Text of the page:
Burlington officials hold groundbreaking for construction of new high school and technical center
Burlington, Vermont city and school officials gathered on Wednesday to mark the official groundbreaking for a new high school and technical center.
In 2020 officials closed the Burlington High School and Technical Center buildings after PCBs were found throughout the campus. Students eventually were moved to a renovated Macy’s department store as an interim school while plans were made to rebuild the school.
In a November 2022 special election, Burlington voters approved 72 to 23 percent a $165 million bond question authorizing the Burlington School District to build a new high school and technical center.
The groundbreaking to begin the abatement and demolition of the current buildings was originally scheduled in February, but was delayed due to a winter storm.
With snowbanks competing with spring mud, school district and city officials took shovels in hand to mark the end of one era and the beginning of new educational experiences.
School District Superintendent Tom Flanagan thanked those who helped design and craft the project and residents who have been waiting for action on a new school.
“I want to thank the citizens of Burlington for getting us here today by overwhelmingly supporting our November bond project for this building. As we move forward from conceptual plans to reality, I am so happy to have the support of all of you to build a school that will support equity, inclusion and deep learning for all. A school that will support all BSD (Burlington School District) learners to be challenged, empowered and engaged. A school that we can be proud of for generations to come. Together we can and will get this done.”
Burlington Mayor Miro Weinberger, a Democrat, noted he’s been to a lot of groundbreakings and each has felt like a small miracle because they represent hard work, accomplishment and potential for the future.
“Today feels like a large miracle. It is the day we begin to construct a high school that is worthy of the great kids of this city. I know the countless hours, great skill, brute persistence that is required to take an idea and push it forward through the public process. The far too complicated permitting system. The design and financing efforts all before you can put a shovel in the ground. It is easy to understand the incredible effort that made this possible and the awesome potential that is before us.”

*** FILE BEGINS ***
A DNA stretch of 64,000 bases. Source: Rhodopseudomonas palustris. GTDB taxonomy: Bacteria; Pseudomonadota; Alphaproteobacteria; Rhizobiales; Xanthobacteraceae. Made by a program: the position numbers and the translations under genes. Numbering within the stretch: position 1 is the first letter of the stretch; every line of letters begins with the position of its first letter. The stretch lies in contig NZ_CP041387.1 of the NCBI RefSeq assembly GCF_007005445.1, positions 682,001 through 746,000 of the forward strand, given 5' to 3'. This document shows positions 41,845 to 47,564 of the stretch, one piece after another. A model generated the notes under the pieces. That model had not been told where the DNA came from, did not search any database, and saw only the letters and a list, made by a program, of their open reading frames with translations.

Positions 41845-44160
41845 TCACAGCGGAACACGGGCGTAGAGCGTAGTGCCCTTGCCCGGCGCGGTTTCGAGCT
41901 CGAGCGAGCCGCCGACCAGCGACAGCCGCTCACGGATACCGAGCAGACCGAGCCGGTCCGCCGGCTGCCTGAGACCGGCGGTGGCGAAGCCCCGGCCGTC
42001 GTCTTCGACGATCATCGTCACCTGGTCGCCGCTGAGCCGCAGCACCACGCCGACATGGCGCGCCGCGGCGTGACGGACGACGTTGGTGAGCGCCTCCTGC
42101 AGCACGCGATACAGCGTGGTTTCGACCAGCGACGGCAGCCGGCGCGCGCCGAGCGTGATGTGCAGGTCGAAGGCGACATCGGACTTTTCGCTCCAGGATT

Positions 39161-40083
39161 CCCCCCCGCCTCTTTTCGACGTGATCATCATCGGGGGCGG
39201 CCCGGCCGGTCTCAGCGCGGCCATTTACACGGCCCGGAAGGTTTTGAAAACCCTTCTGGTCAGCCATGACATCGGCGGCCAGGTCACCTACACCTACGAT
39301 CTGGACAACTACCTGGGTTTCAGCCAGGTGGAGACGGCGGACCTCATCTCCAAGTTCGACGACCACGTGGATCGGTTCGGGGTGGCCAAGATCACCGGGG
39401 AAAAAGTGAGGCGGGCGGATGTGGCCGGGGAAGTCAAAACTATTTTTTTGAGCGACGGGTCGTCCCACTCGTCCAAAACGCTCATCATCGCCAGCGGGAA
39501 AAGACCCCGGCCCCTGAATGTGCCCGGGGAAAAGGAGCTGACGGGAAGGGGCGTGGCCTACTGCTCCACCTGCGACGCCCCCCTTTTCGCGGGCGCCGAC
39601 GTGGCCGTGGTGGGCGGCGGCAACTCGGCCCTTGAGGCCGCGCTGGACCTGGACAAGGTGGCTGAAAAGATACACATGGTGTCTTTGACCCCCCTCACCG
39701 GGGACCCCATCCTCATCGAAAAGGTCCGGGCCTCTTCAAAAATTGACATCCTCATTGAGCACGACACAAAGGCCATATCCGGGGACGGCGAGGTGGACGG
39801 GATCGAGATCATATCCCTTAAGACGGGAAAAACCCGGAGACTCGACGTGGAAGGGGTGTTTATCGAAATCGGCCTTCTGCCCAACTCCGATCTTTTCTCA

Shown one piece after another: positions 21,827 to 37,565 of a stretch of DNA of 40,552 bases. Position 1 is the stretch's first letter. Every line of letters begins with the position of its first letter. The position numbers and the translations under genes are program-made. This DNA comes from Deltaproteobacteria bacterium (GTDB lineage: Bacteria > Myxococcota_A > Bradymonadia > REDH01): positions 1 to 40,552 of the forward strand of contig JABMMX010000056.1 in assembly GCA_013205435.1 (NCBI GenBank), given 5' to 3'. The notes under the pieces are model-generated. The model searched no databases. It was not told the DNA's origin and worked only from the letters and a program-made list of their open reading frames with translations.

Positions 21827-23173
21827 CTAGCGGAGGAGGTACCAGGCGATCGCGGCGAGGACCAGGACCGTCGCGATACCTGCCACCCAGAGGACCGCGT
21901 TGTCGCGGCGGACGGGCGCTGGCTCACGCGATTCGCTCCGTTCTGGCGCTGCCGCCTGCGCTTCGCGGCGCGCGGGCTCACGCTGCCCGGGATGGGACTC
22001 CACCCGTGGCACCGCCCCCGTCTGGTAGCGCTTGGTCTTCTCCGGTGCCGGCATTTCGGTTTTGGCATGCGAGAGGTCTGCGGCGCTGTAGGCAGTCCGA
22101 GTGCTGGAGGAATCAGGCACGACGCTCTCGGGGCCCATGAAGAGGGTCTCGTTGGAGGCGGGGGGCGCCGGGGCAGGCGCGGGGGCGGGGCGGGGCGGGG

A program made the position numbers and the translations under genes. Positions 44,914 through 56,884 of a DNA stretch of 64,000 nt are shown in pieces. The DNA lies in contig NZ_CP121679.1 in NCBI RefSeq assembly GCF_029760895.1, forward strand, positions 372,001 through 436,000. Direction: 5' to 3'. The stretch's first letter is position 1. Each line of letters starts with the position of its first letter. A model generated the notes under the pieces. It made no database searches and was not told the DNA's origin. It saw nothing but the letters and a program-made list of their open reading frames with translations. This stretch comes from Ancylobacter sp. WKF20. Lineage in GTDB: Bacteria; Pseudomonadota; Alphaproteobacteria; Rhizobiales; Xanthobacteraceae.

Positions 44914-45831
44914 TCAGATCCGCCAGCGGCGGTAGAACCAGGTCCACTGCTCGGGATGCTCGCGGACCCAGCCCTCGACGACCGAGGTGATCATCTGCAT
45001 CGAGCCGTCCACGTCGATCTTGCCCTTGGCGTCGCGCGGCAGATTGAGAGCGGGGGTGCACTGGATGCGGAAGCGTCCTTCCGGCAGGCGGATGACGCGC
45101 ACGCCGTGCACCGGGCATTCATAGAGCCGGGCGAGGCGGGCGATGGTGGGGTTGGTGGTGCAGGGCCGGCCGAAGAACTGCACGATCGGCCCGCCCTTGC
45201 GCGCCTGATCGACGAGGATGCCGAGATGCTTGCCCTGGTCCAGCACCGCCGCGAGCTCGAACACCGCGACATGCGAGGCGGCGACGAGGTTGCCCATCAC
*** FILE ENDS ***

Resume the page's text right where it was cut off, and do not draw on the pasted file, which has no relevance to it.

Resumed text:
Weinberger added that for years the city has been experiencing growth and investment.
“The rebuilding of our high school must be our top priority. This is a building where our youngest Burlingtonians are going to spend a crucial period of their lives and this is a generation that is confronting great challenges. This is the generation that we need to lead us out of the climate emergency, to root out systemic racism, to stop the scourge of gun violence. We need the upcoming generations to protect democracy itself. To prepare them for this work they deserve a 21st century high school that fosters learning, community and equity. From the day the old school was shuttered until now the Burlington school community has demonstrated a tenacious and innovative spirit that will ensure we can deliver all that and more.”
Burlington Education Association President Beth Fialko Casey has taught in the district for over 15 years.
“I know many are grieving for this building that has been our school’s home for so long. We kind-of miss it! We do not miss the long climb up the hill in the mornings or the perpetually broken elevator. We miss all the good stuff. This Burlington High School behind us has nurtured generations and we are here to remember that while this building may be toxic our achievements and our memories are not. Voting to build a new public high school in these trying times is an extraordinary act of hope. So, let’s bring on the wrecking ball. Let’s build a new school.”
Last October the school district announced its plan to sue Monsanto, the manufacturer of the PCBs, to recoup the costs of rebuilding.
In February Bayer, the parent company of Monsanto, filed a motion to dismiss the case and a week later Monsanto began its own testing of the building to gather evidence.
A judge has ruled that the school district can proceed with the project as the litigation continues.